Hilly and mountainous areas represent about 40% of both total agricultural land and total agricultural output in Japan. Area-based direct payments go to farmers in these areas to compensate for the physical disadvantage imposed on agricultural production, and thus to avert the abandonment of agricultural land. Other payments are available to support collective engagement of local stakeholders in maintaining the multifunctional roles of agriculture. Direct payments for environmentally friendly agriculture are provided to farmers who conduct activities effective in preventing global warming or conserving biodiversity.

Japan currently has 20 Economic Partnership Agreements (EPAs) and other trade agreements in force with Singapore, Mexico, Malaysia, Chile, Thailand, Indonesia, Brunei Darussalam, the Association of Southeast Asian Nations (ASEAN), Philippines, Switzerland, Viet Nam, India, Peru, Australia, Mongolia, CPTPP, the European Union, the United States, the United Kingdom and RCEP. In addition, Japan is engaged in EPA negotiations with Colombia and Turkey, and China and Korea for the plurilateral free trade agreement.

In 2019, total emissions from agricultural in Japan amounted to 31.7 MtCO2eq, accounting for 2.6% of Japan’s total emission (Greenhouse Gas Inventory Office of Japan, 2021[2]). The land use, land use change and forestry (LULUCF) sector was a net sink of -50.1 MtCO2eq in 2019. Forested land was a large net sink and captured -55.1 MtCO2eq in 2019, while grasslands and croplands emitted about 1.0 and 5.2 MtCO2eq, respectively.

In its Nationally Determined Contribution submitted to the UNFCCC in October 2021, Japan committed to an economy-wide reduction in GHG emissions of at least 46% relative to 2013 levels by 2030, an ambitious target aligned with the long-term goal of achieving net-zero by 2050. All UNFCCC national inventory sectors are covered by this commitment, including the agriculture and LULUCF sectors, although sector-specific targets are not given.

Under the Measures for Achievement of Decarbonisation and Resilience with Innovation (MeaDRI) adopted in 2021 (see below), MAFF set several targets linked with GHG mitigation. These include reductions in carbon dioxide emissions, and in chemical fertiliser and pesticide applications.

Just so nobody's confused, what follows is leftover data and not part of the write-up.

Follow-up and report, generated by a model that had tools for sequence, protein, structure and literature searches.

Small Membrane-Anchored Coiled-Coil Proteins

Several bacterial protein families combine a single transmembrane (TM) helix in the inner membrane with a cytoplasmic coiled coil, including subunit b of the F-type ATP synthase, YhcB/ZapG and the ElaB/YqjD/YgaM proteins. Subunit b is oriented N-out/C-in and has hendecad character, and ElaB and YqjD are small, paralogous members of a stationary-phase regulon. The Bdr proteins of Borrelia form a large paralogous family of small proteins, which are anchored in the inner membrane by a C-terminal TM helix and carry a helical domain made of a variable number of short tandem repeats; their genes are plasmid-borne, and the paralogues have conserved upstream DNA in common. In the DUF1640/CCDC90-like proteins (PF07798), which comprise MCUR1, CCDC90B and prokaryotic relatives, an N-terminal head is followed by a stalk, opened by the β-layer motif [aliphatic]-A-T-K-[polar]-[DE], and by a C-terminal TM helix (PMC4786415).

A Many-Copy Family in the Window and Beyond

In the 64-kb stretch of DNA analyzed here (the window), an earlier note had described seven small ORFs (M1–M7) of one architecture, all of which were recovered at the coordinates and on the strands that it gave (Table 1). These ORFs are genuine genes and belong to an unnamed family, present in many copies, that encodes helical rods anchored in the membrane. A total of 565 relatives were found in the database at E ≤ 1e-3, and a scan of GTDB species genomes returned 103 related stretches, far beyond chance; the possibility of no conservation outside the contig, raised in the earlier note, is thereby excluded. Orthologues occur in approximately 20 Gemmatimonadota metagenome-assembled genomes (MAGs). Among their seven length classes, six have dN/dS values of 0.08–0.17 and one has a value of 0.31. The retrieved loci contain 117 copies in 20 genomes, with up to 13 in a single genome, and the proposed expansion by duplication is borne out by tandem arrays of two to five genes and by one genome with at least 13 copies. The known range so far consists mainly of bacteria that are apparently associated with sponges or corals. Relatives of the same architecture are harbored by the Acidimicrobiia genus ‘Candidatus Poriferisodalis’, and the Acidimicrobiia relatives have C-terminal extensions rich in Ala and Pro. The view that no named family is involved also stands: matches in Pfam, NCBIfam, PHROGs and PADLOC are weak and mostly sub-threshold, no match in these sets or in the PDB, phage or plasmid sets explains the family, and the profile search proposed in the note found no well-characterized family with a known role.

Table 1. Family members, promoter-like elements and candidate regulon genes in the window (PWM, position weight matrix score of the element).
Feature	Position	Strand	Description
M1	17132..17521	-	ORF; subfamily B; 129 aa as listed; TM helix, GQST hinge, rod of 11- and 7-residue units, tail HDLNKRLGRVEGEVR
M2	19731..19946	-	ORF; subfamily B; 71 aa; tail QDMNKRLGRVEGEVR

In line with the MeaDRI, MAFF revised the 2017 climate change mitigation plan2 for the agriculture, forestry and fisheries sectors and raised the emissions reduction target from 38.8 MtCO2eq to 49.5 MtCO2eq by 2030. The new target represents a higher share of the emissions reductions pledged in the NDC, 3.5% compared to 2.8%.

In the revised mitigation plan, LULUCF plays a significant role as a carbon sink to meet the GHG reduction targets. MAFF is taking action to sequester 38 MtCO2eq in forest sinks while supporting cropland and grassland management (e.g. application of compost and green manure, and use of biochar) to sequester 8.5 MtCO2eq above 2013 levels. In total, the expected removal of carbon from the atmosphere accounts for 94% of 2030 GHG reduction targets (46.5 MtCO2eq).

Besides sequestration strategies, the mitigation plan also aims to reduce GHG emissions from agricultural and fishery production up to an additional 3 MtCO2eq beyond 2013 levels by 2030. These reductions are set to come from improved energy efficiency in horticultural greenhouses (1.5 MtCO2eq), reduced emissions from agricultural machinery (7 900 tCO2eq) and reduced N2O from crop production (0.2 MtCO2eq). Reduction of CH4 emission from rice cultivation is accounted for 1.0 MtCO2eq through, for example, extending the period of mid-season-drainage in paddy fields.

GHG mitigation efforts in agriculture are conducted mostly via support payments, grants or credits. For instance, direct payments for environmentally friendly agriculture are provided to farmers who conduct GHG mitigation activities, such as applying compost and extending the period of mid-season-drainage. These activities must be in conjunction with reducing the use of synthetic fertilisers and pesticides by more than half relative to conventional farming practices in the region. The government provides investment support for farmers to introduce climate-smart technologies such as renewable energy and biomass-based greenhouse heating systems in horticulture.

In the livestock sector, dairy farmers with more than a certain size farmland for feed production (0.4 ha/dairy cow in Hokkaido and 0.1 ha/dairy cow in other regions) and who conduct environmentally-friendly practices (e.g. no tillage, chemical fertiliser and pesticide application reductions) can receive area-based payments. Livestock farmers can receive support to invest in green infrastructure, such as biogas plants and composting facilities for better manure management and clean energy production.